Archive for the ‘New Yorker’ Tag

Improvement: Kaizen or the Big Win?

by Margaret Lukens, New Leaf + Company LLC

When making changes in habits or processes to improve productivity, which is better: to make a dramatic change or to move ahead with small incremental steps?

Some people tend to opt for the sweeping gesture. Comparing habit change to removing a band-aid, they want to yank it off in one fell swoop rather than remove it by stages. Or comparing habit change to a business deal, they go for the “big win”, aiming for the one life-changing event.

Others adopt the kaizen approach. Kaizen is a method (some call it a philosophy) brought to public attention in recent years by the success of the Japanese auto-makers. (See the article by James Surowiecki in the May 12, 2008 issue of The New Yorker entitled “The Open Secret of Success”.) Usually translated as “continuous improvement”, it refers to a process of looking to get the greatest impact by consistent adjustments in all phases of the manufacturing process.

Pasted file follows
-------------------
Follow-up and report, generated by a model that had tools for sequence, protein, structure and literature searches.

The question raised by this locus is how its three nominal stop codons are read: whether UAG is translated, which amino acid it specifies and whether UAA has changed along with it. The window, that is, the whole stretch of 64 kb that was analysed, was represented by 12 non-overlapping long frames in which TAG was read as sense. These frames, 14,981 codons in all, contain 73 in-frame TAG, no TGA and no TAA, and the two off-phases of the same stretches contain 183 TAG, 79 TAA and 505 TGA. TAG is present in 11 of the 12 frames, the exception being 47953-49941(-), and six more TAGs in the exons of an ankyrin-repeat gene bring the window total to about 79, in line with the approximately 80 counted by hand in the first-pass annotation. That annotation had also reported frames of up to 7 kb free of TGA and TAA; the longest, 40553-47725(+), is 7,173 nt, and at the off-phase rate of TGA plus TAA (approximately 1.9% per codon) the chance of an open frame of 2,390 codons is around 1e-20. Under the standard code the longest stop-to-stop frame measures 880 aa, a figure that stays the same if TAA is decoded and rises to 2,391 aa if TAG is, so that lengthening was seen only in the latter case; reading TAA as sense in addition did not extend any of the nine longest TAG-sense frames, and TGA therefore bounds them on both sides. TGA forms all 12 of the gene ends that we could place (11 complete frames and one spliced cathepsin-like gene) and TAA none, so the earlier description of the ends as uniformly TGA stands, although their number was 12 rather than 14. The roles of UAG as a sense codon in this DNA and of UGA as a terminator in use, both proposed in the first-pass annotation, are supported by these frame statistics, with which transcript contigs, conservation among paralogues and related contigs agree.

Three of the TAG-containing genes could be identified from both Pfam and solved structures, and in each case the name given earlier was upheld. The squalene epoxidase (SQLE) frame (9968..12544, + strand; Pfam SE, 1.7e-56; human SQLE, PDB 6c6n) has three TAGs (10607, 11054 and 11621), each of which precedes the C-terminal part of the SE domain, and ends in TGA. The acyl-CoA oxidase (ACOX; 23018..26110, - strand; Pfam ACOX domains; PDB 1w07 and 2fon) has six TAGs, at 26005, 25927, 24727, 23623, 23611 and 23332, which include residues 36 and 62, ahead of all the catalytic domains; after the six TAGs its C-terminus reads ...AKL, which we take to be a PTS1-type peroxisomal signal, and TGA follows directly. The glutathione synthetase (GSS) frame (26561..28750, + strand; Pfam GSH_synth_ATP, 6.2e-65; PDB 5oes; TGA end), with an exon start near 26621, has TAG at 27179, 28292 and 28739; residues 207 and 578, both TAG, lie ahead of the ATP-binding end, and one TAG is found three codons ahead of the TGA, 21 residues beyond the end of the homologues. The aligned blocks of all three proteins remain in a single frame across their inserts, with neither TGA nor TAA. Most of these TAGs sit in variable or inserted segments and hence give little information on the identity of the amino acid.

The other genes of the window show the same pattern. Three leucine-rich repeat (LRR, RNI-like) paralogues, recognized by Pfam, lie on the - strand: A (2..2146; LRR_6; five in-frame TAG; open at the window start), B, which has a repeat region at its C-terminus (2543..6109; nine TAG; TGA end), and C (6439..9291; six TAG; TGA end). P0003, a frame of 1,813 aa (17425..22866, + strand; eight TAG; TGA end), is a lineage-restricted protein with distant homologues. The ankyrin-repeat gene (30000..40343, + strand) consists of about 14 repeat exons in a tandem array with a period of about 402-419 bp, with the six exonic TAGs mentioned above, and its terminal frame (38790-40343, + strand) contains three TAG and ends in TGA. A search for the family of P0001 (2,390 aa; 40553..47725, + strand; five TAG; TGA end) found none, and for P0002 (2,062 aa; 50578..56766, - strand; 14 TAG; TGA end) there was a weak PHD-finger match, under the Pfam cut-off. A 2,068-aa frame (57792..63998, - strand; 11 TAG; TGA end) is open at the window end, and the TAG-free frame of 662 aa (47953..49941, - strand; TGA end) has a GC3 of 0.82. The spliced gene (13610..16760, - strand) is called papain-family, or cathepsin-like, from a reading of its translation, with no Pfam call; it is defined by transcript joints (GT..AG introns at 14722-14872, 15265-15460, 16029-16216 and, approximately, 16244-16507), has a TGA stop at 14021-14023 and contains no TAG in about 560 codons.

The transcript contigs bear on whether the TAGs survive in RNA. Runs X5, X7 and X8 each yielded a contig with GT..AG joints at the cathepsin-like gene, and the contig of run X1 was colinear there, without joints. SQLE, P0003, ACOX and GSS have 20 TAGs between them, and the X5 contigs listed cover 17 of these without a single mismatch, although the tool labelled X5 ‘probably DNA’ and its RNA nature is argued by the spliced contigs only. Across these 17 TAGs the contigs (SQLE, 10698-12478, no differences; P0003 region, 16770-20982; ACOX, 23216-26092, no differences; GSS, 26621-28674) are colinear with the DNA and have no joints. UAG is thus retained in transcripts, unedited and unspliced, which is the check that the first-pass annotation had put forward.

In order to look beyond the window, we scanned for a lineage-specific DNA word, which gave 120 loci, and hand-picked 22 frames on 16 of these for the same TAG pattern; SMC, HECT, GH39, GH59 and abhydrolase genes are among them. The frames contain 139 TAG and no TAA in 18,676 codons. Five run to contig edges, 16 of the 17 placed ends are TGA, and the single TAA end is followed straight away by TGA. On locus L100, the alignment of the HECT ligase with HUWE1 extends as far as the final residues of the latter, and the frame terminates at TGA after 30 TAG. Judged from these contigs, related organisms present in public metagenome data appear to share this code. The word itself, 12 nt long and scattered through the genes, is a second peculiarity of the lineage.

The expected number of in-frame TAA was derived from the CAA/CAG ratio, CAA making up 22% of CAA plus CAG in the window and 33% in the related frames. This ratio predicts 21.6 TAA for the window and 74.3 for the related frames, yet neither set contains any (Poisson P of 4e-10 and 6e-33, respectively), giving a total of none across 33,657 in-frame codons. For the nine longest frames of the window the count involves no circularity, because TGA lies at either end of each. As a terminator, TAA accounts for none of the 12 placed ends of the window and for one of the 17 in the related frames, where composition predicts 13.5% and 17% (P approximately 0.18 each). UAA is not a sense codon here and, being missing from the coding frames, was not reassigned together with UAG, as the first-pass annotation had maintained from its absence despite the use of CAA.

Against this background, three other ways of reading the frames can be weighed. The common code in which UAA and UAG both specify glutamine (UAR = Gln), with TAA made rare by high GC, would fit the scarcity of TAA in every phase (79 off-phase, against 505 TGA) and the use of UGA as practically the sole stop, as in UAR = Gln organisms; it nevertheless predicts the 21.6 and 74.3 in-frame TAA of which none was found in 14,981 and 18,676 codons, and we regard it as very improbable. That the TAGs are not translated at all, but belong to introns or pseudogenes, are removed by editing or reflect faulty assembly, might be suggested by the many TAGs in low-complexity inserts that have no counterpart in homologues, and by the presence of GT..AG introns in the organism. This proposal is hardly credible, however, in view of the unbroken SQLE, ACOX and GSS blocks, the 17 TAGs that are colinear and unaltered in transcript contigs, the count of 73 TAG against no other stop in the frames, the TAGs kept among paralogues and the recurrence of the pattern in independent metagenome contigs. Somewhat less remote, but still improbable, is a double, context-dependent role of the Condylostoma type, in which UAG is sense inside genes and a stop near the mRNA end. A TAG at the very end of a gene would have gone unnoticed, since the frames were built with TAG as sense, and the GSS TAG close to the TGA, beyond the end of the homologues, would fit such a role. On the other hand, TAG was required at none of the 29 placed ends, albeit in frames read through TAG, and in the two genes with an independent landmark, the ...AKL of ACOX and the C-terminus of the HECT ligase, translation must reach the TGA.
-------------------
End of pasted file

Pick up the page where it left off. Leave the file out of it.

This week I plan to explore the question of which method is most useful, not to an auto manufacturer, but to the busy professional, who may be a knowledge worker, service provider, or worker in a creative field.

What have you tried, kaizen or the big win? What worked for you? Please post your responses here, and stay tuned for more on this subject in the coming days.

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